Some Quality Metrics Inconsistent With Long-Term Clinical Outcomes Goals

Incentives designed to reduce postoperative readmissions may not have a positive effect on long-term survival.
Incentives designed to reduce postoperative readmissions may not have a positive effect on long-term survival.

Instituting a health system–wide quality metric, such as postoperative hospital readmission rate, may be inconsistent with long-term clinical outcomes goals, according to a study presented at the 48th Annual Meeting of the Society of Gynecologic Oncology.1

Many health systems are initiating incentives to reduce postoperative readmissions. The effect of these measures on long-term survival, however, has not been studied. The goal of this study was to determine if neoadjuvant chemotherapy or debulking surgery was associated with hospital readmission and overall survival (OS) among women with epithelial ovarian cancer (EOC).

Data from the National Cancer Data Base were collected between 2006 and 2012 of 26,595 women with stage III EOC treated with chemotherapy and surgery. Neoadjuvant chemotherapy was used in 15.5% of the cohort. Hospital readmission was defined as returning to the facility within 30 days of surgery, and was categorized as planned or unplanned.

Among the cohort, 11.3% of patients were readmitted within 30 days, with 57% of the visits unplanned.

Unplanned readmission was reduced by 37% (relative risk [RR], 0.63; 95% CI, 0.54-0.74) and any readmission was reduced by 48% (RR, 0.52; 95% CI, 0.46-0.59) with neoadjuvant chemotherapy use compared with primary debulking surgery only. Neoadjuvant chemotherapy, however, was associated with an increased risk of all-cause mortality (hazard ratio, 1.36; 95% CI, 1.29-1.42).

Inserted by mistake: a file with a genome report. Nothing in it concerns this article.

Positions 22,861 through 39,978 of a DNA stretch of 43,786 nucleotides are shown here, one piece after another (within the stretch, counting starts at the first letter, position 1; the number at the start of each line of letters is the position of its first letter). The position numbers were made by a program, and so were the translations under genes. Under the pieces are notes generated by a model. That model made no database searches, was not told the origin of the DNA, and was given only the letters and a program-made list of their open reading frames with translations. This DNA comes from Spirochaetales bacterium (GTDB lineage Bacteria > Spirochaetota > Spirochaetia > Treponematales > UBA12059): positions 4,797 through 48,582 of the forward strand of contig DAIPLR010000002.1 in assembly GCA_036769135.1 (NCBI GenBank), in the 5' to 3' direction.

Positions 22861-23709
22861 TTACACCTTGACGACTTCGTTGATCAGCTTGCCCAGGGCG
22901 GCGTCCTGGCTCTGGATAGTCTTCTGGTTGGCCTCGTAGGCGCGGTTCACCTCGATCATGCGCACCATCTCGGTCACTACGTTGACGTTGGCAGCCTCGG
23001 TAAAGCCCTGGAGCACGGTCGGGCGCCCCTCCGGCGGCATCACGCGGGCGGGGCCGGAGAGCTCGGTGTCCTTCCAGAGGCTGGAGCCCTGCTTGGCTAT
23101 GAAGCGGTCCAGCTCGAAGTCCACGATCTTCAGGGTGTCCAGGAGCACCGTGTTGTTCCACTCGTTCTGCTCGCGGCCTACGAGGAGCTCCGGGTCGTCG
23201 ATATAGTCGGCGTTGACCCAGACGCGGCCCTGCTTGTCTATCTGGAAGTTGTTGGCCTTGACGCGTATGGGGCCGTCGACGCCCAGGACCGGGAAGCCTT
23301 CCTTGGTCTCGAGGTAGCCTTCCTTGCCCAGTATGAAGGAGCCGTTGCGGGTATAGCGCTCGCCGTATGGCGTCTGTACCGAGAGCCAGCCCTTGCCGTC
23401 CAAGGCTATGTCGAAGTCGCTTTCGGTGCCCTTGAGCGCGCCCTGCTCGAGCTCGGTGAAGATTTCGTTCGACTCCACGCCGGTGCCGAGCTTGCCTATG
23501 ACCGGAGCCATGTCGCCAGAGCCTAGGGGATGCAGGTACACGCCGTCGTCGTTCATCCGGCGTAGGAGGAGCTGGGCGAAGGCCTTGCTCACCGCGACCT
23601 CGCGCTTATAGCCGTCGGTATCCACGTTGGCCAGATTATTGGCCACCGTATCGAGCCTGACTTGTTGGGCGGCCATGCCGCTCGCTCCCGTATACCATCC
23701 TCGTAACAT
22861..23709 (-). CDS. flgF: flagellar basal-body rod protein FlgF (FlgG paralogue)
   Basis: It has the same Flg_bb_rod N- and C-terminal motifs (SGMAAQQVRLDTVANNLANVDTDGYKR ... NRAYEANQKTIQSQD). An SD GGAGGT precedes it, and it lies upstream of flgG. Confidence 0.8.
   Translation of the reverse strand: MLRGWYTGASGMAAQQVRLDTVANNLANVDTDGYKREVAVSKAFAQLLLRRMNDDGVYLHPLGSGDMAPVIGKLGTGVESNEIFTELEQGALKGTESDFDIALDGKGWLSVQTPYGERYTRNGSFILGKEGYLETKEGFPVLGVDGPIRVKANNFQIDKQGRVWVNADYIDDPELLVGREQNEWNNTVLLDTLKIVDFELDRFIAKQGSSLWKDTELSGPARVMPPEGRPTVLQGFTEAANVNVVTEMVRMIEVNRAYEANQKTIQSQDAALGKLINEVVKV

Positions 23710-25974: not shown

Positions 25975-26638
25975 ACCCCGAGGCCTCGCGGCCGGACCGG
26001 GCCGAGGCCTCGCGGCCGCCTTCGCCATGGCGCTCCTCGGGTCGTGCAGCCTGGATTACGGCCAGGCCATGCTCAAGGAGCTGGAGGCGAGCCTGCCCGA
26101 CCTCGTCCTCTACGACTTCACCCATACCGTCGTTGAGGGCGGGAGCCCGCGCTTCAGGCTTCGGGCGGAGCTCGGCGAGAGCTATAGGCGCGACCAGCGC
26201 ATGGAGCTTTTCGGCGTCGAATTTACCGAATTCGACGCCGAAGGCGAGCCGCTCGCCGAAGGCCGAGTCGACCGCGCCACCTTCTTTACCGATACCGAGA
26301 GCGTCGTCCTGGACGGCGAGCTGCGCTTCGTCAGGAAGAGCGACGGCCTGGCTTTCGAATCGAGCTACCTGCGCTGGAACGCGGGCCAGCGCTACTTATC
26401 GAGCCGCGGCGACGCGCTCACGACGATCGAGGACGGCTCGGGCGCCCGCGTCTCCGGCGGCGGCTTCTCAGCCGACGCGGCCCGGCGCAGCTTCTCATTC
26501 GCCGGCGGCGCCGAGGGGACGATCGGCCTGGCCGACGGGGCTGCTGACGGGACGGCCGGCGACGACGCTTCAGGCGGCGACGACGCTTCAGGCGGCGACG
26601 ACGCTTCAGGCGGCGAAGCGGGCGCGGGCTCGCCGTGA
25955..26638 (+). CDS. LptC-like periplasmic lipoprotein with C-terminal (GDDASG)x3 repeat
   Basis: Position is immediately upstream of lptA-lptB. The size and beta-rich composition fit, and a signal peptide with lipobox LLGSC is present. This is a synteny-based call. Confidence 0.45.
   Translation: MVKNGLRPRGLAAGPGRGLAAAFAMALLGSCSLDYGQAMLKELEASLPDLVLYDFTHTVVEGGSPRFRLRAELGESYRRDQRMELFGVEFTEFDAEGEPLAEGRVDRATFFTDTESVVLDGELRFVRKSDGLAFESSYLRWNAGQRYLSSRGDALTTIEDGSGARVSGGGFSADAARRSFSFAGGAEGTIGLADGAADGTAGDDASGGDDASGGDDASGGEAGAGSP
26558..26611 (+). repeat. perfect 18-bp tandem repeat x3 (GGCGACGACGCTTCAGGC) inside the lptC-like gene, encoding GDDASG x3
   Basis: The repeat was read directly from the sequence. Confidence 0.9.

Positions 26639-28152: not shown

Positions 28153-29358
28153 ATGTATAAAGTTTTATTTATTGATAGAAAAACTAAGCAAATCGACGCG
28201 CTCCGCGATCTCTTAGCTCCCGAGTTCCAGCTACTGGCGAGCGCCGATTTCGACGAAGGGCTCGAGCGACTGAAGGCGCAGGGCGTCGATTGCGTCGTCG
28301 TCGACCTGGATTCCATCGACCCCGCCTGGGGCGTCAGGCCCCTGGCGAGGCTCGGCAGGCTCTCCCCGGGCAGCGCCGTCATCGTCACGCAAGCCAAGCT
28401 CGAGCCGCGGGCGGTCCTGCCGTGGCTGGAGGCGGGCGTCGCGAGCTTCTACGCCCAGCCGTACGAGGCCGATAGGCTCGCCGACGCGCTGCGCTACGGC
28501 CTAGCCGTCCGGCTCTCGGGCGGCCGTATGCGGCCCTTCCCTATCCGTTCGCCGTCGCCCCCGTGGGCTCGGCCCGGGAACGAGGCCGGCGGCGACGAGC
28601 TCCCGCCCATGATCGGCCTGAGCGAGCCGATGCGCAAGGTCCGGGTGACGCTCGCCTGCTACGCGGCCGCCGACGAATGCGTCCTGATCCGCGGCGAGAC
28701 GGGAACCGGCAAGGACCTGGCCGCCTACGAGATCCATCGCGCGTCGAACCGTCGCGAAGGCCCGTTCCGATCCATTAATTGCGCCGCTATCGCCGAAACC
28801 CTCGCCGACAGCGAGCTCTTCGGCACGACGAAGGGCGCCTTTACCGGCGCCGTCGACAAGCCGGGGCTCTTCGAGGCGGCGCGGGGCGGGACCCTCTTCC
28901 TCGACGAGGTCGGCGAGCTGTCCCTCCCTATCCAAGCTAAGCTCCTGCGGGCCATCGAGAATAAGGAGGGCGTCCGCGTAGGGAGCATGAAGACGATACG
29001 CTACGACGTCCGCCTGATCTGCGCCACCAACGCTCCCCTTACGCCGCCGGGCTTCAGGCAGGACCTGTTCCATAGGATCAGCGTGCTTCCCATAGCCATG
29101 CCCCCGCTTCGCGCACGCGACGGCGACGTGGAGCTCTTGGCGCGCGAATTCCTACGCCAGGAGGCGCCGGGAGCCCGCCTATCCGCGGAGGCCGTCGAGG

The data from this study indicate that although neoadjuvant chemotherapy reduced 30-day hospital readmission rates, it was associated with a decrease in survival. The authors suggest that “hospital-wide quality metrics, such as postoperative readmission, may be creating incentives inconsistent with long-term goals, such as improved survival.”

Reference

1. Barber EL, Rossi EC, Gehrig PA. Surgical readmission and survival in women with ovarian cancer: are short term quality metrics incentivizing decreased long term survival? Presented at: 48th Annual Meeting of the Society of Gynecologic Oncology; March 12-15, 2017; National Harbor, MD.

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